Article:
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Lung Capacity

John in Hamilton 07 Apr 02 - 05:08 AM
cyder_drinker 07 Apr 02 - 05:37 AM
Jock Morris 07 Apr 02 - 05:39 AM
Celtic Soul 07 Apr 02 - 08:05 AM
C-flat 07 Apr 02 - 11:27 AM
Peg 07 Apr 02 - 11:52 AM
Naemanson 07 Apr 02 - 11:57 AM
John in Hamilton 07 Apr 02 - 03:09 PM
SharonA 08 Apr 02 - 10:43 AM
mooman 08 Apr 02 - 11:06 AM
Charcloth 08 Apr 02 - 10:04 PM
ciarili 09 Apr 02 - 03:35 AM
GUEST,Boab 09 Apr 02 - 04:22 AM
Geoff the Duck 10 Apr 02 - 06:27 AM
Hecate 10 Apr 02 - 08:20 AM
Lynn 10 Apr 02 - 09:56 AM
Dave Bryant 10 Apr 02 - 11:22 AM
Alice 10 Apr 02 - 01:48 PM
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Subject: Lung Capacity
From: John in Hamilton
Date: 07 Apr 02 - 05:08 AM

I purchased one of those six-hole wooden flutes about 10 years ago, but never actually got into it because I didn't immediately grasp the whole breathing approach. I've noticed lately with high energy songs, I've been running out of breath also, and I'm beginning to wonder what options are available to me to help improve my lung capacity. If any suggestions work for me, I may pick up that flute again,

Cheers,

John


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Subject: RE: Lung Capacity
From: cyder_drinker
Date: 07 Apr 02 - 05:37 AM

John -
Try picking up the flute anyway! My own lung capacity was quite small - I'm a smoker by the way (my choice, So no lectures from the health police!)- I started playing flutes a couple years ago, and it's done wonders for me. Taking a good lungful and making it last as long as possible, then grabbing another breath during the short gap between phrases, etc. Completely different to the breathing for singing.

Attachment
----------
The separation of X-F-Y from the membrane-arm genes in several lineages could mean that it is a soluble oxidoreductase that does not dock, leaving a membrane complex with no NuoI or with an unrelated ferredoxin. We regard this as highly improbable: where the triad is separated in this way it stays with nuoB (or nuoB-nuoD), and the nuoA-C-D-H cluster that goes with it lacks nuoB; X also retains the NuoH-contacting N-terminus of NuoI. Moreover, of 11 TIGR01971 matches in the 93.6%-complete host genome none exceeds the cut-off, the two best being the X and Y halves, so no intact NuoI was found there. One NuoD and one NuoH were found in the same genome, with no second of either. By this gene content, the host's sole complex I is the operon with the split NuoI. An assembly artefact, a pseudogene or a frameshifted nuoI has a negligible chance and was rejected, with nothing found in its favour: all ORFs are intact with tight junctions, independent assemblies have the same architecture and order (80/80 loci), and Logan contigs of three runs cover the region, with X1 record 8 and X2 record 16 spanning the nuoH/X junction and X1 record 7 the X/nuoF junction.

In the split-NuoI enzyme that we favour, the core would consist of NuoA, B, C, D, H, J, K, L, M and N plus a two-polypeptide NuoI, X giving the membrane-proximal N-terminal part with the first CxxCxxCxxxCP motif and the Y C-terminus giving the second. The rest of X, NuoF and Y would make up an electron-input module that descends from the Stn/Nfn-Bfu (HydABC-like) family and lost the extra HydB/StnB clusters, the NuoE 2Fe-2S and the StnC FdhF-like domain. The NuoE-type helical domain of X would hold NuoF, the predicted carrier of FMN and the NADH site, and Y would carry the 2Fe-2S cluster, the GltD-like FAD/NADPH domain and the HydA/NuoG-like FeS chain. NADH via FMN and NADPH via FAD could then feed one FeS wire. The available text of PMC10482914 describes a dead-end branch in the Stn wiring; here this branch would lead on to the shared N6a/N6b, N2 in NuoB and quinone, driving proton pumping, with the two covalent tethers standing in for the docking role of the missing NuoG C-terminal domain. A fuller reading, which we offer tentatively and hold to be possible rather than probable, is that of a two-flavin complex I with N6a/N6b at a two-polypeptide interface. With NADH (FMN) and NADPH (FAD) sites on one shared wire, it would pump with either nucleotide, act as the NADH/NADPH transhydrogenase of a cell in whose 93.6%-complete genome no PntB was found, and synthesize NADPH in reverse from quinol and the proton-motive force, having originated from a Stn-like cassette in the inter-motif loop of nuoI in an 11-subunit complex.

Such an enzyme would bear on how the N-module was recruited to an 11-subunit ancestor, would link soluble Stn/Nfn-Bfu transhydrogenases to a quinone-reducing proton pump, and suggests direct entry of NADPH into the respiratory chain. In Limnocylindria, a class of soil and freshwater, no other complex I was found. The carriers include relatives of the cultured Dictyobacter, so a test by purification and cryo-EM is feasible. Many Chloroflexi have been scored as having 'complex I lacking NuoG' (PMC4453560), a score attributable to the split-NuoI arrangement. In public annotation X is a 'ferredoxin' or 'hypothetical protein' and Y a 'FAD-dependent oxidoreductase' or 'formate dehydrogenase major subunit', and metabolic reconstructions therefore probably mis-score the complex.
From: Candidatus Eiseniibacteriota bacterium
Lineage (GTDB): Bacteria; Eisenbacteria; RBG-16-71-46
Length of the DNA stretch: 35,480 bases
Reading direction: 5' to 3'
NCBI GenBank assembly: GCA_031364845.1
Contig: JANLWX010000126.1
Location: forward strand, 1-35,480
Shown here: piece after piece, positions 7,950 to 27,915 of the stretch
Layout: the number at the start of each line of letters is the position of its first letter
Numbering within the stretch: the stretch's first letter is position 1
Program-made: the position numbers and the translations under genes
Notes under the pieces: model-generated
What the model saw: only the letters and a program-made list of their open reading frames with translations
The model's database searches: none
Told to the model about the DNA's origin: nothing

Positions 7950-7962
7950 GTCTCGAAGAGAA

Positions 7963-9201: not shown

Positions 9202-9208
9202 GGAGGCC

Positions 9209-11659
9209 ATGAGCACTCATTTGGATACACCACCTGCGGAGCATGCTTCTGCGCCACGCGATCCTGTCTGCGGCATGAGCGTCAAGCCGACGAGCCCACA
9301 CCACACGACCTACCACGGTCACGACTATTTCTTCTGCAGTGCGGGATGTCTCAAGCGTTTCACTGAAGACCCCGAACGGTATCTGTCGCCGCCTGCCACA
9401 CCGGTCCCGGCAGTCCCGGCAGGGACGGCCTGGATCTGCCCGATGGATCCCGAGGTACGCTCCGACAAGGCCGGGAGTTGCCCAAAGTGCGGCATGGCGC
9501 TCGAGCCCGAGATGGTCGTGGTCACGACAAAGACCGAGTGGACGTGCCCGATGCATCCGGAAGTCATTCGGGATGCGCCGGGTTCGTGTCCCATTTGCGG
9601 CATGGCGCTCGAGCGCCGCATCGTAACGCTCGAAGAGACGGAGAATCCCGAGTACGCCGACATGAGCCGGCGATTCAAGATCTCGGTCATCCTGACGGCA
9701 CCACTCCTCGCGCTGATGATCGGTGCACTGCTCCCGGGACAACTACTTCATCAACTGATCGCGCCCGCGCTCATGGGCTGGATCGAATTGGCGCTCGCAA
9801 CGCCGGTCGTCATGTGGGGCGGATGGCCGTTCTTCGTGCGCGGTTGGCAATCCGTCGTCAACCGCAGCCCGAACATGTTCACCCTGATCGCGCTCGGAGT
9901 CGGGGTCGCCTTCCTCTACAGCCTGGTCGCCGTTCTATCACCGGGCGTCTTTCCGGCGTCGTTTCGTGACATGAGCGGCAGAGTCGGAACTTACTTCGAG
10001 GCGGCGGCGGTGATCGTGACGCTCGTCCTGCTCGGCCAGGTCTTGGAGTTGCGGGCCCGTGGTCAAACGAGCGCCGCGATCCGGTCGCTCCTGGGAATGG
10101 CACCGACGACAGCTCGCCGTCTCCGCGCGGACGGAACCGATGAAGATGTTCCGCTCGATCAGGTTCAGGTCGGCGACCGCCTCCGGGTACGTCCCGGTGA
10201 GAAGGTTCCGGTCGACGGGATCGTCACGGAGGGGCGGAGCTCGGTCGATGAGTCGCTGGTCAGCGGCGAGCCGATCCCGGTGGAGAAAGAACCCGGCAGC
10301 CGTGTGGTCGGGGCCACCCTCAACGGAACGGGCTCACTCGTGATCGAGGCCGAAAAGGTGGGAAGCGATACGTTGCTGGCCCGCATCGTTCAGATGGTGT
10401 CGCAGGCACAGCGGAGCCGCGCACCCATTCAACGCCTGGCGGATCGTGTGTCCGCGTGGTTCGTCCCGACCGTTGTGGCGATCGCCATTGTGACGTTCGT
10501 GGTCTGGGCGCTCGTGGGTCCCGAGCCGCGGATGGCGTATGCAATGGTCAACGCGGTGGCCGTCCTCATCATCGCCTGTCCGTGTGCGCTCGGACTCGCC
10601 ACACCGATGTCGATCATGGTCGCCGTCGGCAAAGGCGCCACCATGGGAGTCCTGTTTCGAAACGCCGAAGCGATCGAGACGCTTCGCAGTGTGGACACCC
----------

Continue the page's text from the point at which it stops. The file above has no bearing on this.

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Subject: RE: Lung Capacity
From: Jock Morris
Date: 07 Apr 02 - 05:39 AM

Try taking up running; a few weeks of running a couple of miles every 2 or 3 days will soon improve your lung capacity and efficiency. Do take it easy at first though!!!

Scott


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Subject: RE: Lung Capacity
From: Celtic Soul
Date: 07 Apr 02 - 08:05 AM

This is me surmising here, but I think that lung capacity may be tied to natural strength of voice. I was gifted with a very strong and loud voice. Did nothing to make it so, I just came that way from the factory. My lung capacity is huge. Again, did nothing to work it up, I just was made that way. But, I notice that, as I am not working as hard to make myself heard, I use less air to support my voice than do those who have naturally quieter voices. It takes longer for my voice to become strained as well.

I would think that getting a vocal coach and learning breath support techniques may help some, but as others have said many times in this forum, that alone will not make you an Opera singer. A lot of it is simply what gifts you were born with.


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Subject: RE: Lung Capacity
From: C-flat
Date: 07 Apr 02 - 11:27 AM

I would have thought that any aerobic-type exercise would help lung capacity, swimming and walking too, but it sounds more like a breathing technique issue. Are you in Hamilton, Scotland? If so you've got beautiful, scenic walks around there.Get out in the countryside and let rip!


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Subject: RE: Lung Capacity
From: Peg
Date: 07 Apr 02 - 11:52 AM

practicing breathing through the diaphragm will give you better breath control with singing so I imagine it must work for flute, too.